Table 2: Basic parameters of ZnO/Si solar cells extracted from a double exponential model.

Sample JSC [mA·cm−2] VOC [mV] Rsh [Ω·cm2] Rs [Ω·cm2] FF [%] Eff. [%]
A 28.3 496 1392 1.6 65 9.1
B 26.2 334 1058 1.2 61 5.4

Current–voltage–temperature (JVT) characteristics are presented in Figure 6. The PV structures were tested in the temperature range from 90 to 290 K with steps of 20 K. During the test, solar cells were mounted on a cold finger inside a liquid nitrogen vacuum cryostat. A transparent window in the cryostat allowed for the illumination of the cells. Solar cells with ZnONR revealed better operation parameters. A noticeable difference was observed in the open-circuit voltage.


Figure 6: Current–voltage–temperature characteristics of (a) textured and (b) planar ZnO/Si solar cells.

The basic SC parameters JSC, VOC, FF, and Eff. as functions of the temperature are presented in Figure 7. According to [23,24], temperature has a relevant impact on semiconductor properties and the operation of solar cells. The most important equations for solar cell parameters as functions of the temperature are [24]:

[Graphic 1]

From the above equations, if temperature increases, VOC, FF and Eff. should decrease. Only an increase of JSC should be observed.


Figure 7: Temperature dependence of basics solar cell parameters.

The results in Figure 7 are in good agreement with theoretical predictions. The short-circuit current increases with temperature, while the value of the coefficient dJSC/dT is higher for the textured structure (sample A) and equals 66.5 μA·cm−2·K. For VOC the variation of the curves is similar. Due to the existence of monocrystalline ZnONR, the starting value of VOC is higher for sample A. This effect has a direct impact on the final efficiency of the SC. Concerning the coefficient FF, there are two ranges. In the temperature range from 90 to 170 K, dFF/dT is ca. 0.004% per kelvin. A slightly larger value is observed for sample B. In the temperature range from 170 to 290 K this coefficient increases and is higher for sample B. The change of cells coefficients has an impact on the final temperature efficiency of the solar cells. In the low-temperature region, Eff. is stable, or only a little drop is observed. It is related to a small variation of FF in this region. In the region from 170 to 290 K, a decrease of Eff. is visible. The highest efficiencies are 11.6% (170 K) and 8.1% (150 K) for sample A and sample B, respectively. Due to the lack of similar studies in the literature, we cannot compare the obtained results with other studies of ZnO/Si solar cells.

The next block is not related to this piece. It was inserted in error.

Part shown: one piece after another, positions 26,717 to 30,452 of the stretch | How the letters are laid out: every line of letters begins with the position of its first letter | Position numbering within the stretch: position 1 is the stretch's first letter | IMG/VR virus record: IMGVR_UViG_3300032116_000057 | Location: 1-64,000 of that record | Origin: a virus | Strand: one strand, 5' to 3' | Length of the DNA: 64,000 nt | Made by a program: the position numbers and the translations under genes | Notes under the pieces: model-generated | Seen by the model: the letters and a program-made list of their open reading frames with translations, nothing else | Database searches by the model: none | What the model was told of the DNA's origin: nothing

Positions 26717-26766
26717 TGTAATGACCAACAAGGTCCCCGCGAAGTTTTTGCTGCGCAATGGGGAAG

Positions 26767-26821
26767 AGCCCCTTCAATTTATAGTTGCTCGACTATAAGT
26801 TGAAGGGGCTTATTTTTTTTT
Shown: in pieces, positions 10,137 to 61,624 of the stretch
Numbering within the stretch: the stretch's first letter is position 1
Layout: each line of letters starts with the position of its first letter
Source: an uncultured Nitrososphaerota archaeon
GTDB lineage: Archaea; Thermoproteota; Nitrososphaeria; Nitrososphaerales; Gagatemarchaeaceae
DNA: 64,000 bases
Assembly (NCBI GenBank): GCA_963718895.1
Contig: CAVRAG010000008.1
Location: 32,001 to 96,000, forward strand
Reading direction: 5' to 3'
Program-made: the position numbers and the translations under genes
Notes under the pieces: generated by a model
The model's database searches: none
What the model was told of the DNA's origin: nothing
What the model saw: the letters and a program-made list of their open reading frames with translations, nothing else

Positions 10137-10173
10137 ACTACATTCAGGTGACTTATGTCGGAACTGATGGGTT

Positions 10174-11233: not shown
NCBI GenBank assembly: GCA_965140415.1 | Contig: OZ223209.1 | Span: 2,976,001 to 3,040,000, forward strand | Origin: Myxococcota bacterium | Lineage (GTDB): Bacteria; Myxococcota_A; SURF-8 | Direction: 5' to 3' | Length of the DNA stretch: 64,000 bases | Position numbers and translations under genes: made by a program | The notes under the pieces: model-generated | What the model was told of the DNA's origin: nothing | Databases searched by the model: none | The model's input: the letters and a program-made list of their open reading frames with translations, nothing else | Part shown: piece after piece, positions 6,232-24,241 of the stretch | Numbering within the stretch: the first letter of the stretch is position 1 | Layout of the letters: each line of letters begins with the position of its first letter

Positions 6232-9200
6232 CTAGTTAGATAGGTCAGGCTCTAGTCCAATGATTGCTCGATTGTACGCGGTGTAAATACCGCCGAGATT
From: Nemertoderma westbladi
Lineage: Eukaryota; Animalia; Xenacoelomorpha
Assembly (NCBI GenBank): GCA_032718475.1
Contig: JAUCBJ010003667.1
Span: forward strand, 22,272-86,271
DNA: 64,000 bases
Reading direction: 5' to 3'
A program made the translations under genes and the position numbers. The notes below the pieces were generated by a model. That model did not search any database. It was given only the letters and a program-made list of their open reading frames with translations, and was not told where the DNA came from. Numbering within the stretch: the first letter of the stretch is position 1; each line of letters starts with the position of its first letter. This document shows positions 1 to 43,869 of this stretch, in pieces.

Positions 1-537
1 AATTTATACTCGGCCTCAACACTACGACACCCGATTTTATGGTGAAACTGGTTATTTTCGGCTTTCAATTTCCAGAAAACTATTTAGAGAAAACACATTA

In this work, thin zinc oxide/silicon solar cells were investigated. Doped zinc oxide films (AZO, MZO) were grown via ALD and ZnONR were obtained via hydrothermal method. As substrate (absorber), a 50 μm thick silicon wafer was used. Textured and planar solar cells were constructed on the silicon surface. Solar cells with zinc oxide nanorods showed increased surface roughness. The SEM images revealed grain/columnar-like structures for both cells. In sample A, the grains were larger than in sample B. We observed a significant impact of ZnONR on the size of grains/columns. The solar cell operation was compared. Because of the 3D morphology, sample A yielded a higher JSC value and, because of the presence of monocrystalline ZnONR, VOC was also higher. Solar cells exhibited efficiencies of 9.1% and 5.4% for the textured and planar structures, respectively. Current–voltage–temperature measurements were performed, which were in good agreement with theoretical predictions. The highest efficiencies (obtained at a reduced temperature) were 11.6% and 8.1% for sample A and sample B, respectively. Due to the lack of reports on JVT measurements in the literature, the results of these investigations cannot be compared with other studies.


This work was partially supported by the National Centre for Research and Development TECHMATSTRATEG1/347431/14/NCBR/2018 (PV-BLJ-SC) and the statutory grant (No. 8201003902) of Department of Quantum Technologies of Wroclaw University of Science and Technology.

Author Contributions

R. Pietruszka: conceptualization, methodology, validation, formal analysis, investigation, writing of the original draft, writing – review and editing, vsualization; B. S. Witkowski: investigation; M. Ozga: investigation; K. Gwozdz: investigation; E. Placzek-Popko: supervision, funding acquisition; M. Godlewski: supervision, funding acquisition.


  1. Crippa, M.; Oreggioni, G.; Guizzardi, D.; Muntean, M.; Schaaf, E.; Lo Vullo, E.; Solazzo, E.; Monforti-Ferrario, F.; Olivier, J. G. J.; Vignati, E. Fossil CO2 and GHG emissions of all world countries; EU Publications Office, 2019. doi:10.2760/687800
    Return to citation in text: [1]